The coarse particle recovery process
CIM Bulletin, Vol. 1, No. 2, 2006
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The coarse particle recovery (CPR) process captures coarse particles that are not recoverable by regular flotation. Several porphyry copper operations in the world operate analogous circuits that recover non-floated copper from tailings; however, the case presented here for Minera Escondida Ltda. is unique in that extensive underlying test work has allowed the authors to elucidate some fundamental principles behind recovery enhancement.
The concept is to refloat the coarse fraction of the rougher tailings, a fraction that contains about 2/3 of the copper in about 1/3 of the tailings mass. The concentrate from this stage will be reground and cleaned in a conventional copper cleaning circuit as shown in the figure. The process will treat an average 0.18% copper over the life of the project, producing a total of 3,470 kt (dry basis) of concentrate with an average grade of 3% copper. With this process about 35% of the copper in the rougher tailings stream is expected to be recovered.
When the tailings are cut at the optimum size of 106 μm, the overall enrichment ratio in the coarse fraction is typically in the order of 1.6 to 1.8. At a rougher tailings grade of 0.2% copper, the resulting CPR feed will therefore range from 0.36% to 0.38% copper. Coarse separation of tailings upgrades copper relative to iron. The phenomenon is important, since the coarse copper in tailings could not be recovered in the conventional rougher flotation circuit without simultaneously recovering unacceptable quantities of fine pyrite.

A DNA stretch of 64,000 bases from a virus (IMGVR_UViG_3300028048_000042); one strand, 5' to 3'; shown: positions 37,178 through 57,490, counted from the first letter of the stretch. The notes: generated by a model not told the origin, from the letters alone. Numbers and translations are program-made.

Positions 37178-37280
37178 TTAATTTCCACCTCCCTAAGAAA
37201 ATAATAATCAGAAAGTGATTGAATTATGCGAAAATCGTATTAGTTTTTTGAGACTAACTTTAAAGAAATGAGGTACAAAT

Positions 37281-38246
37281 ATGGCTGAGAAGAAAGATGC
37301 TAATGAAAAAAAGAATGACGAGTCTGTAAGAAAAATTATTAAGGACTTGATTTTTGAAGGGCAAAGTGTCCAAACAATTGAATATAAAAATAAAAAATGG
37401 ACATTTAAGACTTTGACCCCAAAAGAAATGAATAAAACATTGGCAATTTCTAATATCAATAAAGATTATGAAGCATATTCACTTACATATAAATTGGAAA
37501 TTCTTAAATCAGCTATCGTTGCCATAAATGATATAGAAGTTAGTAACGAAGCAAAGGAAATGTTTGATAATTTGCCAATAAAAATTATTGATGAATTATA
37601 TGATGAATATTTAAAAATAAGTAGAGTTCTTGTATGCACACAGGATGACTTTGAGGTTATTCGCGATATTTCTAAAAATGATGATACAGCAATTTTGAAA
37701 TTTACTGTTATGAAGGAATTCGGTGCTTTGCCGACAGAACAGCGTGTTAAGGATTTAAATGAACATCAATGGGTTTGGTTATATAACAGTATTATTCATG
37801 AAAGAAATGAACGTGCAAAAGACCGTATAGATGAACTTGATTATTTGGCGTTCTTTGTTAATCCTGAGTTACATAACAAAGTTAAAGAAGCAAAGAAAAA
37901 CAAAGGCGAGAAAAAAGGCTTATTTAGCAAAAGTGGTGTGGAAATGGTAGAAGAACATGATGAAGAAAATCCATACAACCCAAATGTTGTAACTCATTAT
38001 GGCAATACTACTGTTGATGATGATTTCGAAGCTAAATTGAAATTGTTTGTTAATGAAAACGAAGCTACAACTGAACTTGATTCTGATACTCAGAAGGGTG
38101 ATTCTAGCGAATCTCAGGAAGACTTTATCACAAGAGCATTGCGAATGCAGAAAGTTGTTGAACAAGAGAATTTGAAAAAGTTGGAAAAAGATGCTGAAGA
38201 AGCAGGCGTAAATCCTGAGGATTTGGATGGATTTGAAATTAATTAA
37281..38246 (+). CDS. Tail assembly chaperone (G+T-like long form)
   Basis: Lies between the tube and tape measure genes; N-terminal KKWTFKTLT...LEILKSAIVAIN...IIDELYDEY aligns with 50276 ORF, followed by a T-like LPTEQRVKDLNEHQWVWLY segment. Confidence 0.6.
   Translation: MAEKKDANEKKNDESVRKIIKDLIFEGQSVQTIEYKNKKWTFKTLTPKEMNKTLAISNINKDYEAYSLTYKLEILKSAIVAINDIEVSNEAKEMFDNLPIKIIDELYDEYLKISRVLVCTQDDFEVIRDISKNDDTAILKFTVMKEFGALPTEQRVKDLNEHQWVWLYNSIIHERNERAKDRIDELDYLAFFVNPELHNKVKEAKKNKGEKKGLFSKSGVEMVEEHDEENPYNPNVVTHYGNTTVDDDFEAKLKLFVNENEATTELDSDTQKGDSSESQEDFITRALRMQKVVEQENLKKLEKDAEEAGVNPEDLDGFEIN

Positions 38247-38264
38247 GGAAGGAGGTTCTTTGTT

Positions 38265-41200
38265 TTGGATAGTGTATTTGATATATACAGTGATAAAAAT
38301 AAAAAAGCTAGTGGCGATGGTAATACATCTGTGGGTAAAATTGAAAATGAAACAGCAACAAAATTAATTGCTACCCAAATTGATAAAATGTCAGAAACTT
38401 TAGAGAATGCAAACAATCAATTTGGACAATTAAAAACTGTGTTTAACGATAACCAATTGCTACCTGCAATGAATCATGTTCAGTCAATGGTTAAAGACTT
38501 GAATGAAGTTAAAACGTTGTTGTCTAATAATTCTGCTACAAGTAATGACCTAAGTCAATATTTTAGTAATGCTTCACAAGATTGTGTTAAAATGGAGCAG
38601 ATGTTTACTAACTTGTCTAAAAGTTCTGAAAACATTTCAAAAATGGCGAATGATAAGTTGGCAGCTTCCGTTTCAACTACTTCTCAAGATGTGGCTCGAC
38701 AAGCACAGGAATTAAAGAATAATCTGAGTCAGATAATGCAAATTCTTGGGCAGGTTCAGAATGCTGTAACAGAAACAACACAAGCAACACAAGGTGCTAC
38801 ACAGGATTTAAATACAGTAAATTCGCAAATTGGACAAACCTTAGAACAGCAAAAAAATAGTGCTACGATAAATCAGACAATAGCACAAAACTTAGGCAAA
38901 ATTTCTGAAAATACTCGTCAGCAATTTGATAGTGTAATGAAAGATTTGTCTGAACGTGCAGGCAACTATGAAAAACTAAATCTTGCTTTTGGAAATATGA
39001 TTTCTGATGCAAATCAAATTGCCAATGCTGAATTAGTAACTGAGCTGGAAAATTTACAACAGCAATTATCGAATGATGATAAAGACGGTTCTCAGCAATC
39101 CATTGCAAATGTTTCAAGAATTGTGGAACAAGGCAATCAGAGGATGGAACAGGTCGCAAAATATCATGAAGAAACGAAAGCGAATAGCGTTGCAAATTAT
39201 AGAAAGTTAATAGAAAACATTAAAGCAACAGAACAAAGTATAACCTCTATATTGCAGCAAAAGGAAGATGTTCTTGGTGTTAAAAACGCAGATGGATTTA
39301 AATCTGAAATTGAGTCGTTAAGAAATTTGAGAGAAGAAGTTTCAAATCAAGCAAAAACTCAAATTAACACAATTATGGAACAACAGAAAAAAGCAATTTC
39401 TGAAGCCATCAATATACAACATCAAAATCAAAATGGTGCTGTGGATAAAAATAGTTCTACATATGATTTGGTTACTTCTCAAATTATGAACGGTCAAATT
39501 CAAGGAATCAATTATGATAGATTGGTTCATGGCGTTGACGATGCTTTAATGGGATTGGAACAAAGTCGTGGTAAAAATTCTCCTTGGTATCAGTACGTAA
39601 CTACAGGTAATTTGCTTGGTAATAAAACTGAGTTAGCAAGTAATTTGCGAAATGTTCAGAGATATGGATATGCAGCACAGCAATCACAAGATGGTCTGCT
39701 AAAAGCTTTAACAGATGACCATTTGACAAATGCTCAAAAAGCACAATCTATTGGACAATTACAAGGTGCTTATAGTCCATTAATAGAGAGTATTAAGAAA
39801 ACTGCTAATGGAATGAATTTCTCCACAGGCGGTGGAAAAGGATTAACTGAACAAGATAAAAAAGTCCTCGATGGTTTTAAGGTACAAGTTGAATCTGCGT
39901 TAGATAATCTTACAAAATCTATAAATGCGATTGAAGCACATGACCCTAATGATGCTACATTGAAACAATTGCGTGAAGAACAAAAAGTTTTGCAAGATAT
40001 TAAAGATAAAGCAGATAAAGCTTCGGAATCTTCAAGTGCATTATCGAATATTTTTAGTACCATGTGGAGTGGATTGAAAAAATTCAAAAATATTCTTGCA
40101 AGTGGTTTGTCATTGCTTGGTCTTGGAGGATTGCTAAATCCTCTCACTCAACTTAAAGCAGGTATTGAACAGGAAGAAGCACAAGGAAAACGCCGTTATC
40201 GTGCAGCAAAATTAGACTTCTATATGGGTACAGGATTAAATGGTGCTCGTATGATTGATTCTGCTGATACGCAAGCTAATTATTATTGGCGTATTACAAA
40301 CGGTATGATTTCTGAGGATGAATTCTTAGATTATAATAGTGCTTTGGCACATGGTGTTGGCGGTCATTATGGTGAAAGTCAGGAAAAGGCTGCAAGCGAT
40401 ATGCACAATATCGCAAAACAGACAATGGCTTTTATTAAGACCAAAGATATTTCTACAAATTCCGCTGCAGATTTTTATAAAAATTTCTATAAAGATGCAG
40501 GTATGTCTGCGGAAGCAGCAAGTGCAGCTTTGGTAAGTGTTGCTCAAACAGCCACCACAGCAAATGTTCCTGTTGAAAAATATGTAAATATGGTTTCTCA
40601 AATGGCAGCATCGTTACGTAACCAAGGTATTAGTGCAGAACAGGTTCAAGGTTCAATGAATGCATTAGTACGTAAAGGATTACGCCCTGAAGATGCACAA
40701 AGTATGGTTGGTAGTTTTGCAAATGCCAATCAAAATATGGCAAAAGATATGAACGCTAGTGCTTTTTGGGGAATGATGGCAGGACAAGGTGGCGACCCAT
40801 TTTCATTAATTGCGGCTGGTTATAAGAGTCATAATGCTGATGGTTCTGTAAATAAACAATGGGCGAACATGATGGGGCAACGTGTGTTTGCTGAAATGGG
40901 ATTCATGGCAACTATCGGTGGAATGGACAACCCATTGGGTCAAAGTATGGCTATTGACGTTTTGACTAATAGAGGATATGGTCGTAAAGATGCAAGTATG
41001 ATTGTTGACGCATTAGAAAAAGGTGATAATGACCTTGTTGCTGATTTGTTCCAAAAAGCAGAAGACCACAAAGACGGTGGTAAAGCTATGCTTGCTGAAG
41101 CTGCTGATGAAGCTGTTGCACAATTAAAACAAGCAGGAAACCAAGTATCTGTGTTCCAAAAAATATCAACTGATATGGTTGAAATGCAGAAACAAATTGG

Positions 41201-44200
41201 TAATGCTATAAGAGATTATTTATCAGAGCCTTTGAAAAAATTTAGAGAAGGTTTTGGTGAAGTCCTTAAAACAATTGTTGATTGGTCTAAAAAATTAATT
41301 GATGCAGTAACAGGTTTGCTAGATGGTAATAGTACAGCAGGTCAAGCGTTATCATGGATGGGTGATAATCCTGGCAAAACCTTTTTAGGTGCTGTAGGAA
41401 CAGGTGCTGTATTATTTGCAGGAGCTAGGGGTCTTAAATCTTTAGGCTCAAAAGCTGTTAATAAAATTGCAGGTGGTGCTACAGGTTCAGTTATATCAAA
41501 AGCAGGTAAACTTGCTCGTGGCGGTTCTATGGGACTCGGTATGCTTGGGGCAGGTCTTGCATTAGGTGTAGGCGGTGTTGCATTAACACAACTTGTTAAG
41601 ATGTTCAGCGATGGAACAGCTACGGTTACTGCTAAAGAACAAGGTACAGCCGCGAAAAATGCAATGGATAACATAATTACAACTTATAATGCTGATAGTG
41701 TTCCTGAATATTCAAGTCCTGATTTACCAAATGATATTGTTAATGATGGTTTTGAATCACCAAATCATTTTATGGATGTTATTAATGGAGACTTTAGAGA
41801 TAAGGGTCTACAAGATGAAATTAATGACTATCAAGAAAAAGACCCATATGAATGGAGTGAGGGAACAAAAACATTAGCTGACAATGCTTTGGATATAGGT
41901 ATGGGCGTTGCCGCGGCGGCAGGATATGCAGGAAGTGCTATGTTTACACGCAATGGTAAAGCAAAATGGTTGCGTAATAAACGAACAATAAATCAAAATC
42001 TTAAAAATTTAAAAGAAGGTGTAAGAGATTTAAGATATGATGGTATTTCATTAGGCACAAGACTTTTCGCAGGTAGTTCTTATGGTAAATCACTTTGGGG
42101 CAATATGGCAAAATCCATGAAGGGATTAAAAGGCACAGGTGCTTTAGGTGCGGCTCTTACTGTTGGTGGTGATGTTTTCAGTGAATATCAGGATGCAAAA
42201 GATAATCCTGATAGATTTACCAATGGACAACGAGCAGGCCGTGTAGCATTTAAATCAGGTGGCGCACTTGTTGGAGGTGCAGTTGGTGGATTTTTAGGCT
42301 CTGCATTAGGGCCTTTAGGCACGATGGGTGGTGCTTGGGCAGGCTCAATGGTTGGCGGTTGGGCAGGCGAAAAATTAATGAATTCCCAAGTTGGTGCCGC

Virtually no liberated copper is present in the coarse cyclone underflow (p80 of about 300 microns). The role of scavenger flotation in the CPR circuit is to establish the most favourable conditions for the recovery of these coarse (heavy) particles that have relatively low percentages of exposed hydrophobic surfaces. Such particles are extremely sensitive both to shear (detachment of particles from bubbles in the pulp) and to drop-back from the flotation froth. It should be noticed that the flotation conditions outlined here are different from the common concept of “floating harder.” A typical operator strategy for a scavenger circuit is to increase airflow in an attempt to achieve more aggressive flotation. In this particular operation, increased air raises shear, lowers particle suspension, and requires deeper froth at any given mass transfer rate in order to avoid cell flooding. All of these actions would dramatically lower the recovery of coarse, locked particles. Thus, some operator re-education is required regarding what constitutes “floating smarter” for this particular system. The successful transfer of these concepts to the operations level is a fundamental prerequisite for success of the overall project.
Flotation concentrate and tailings grades both show a predictable linear relationship with the feed grade, scaling upward as a function of the underflow grade. The quantitative relationships are:
c = 3.92 f + 0.682t = 0.191 f + 0.079
It is important to apply strong frothers that are effective in recovering coarse particles. One such reagent is Cytec’s F507, a strong polyglycol. Besides frother, sufficient collector (Cytec 3477 was selected) must also be metered into the pulp to ensure maximum recovery.
The approximate liberation size of the sulphides in CPR scavenger concentrate is equivalent to a p80 of ~35 to 45 μm (70% to 80%, -400#), which is finer than for most regrind applications in copper flotation. This requires a regrind energy of approximately 19.8 kWh/mt (at a BMWI of ~22), corresponding to the equivalent of about 0.8 kWh/t of original ore.
The cleaning circuit is conventional, consisting of a mechanical first cleaner followed by column upgrading. In terms of grade, the first cleaner of the CPR is analogous to the conventional rougher of the main plant, taking a feed of ~1% to 2% Cu and upgrading it to ~15% Cu. This upgrade ratio is clearly the result of liberation realized during regrinding of the scavenger concentrate. As expected, a rising cleaner feed grade will produce an improved first cleaner concentrate grade. The first cleaner tailings are a discard stream. Because the products recovered in CPR tend to originate as particles locked with silica rather than pyrite, the contaminants in the CPR concentrate include more silica and less pyrite at any given copper grade than one would normally encounter in concentrate from the main circuit.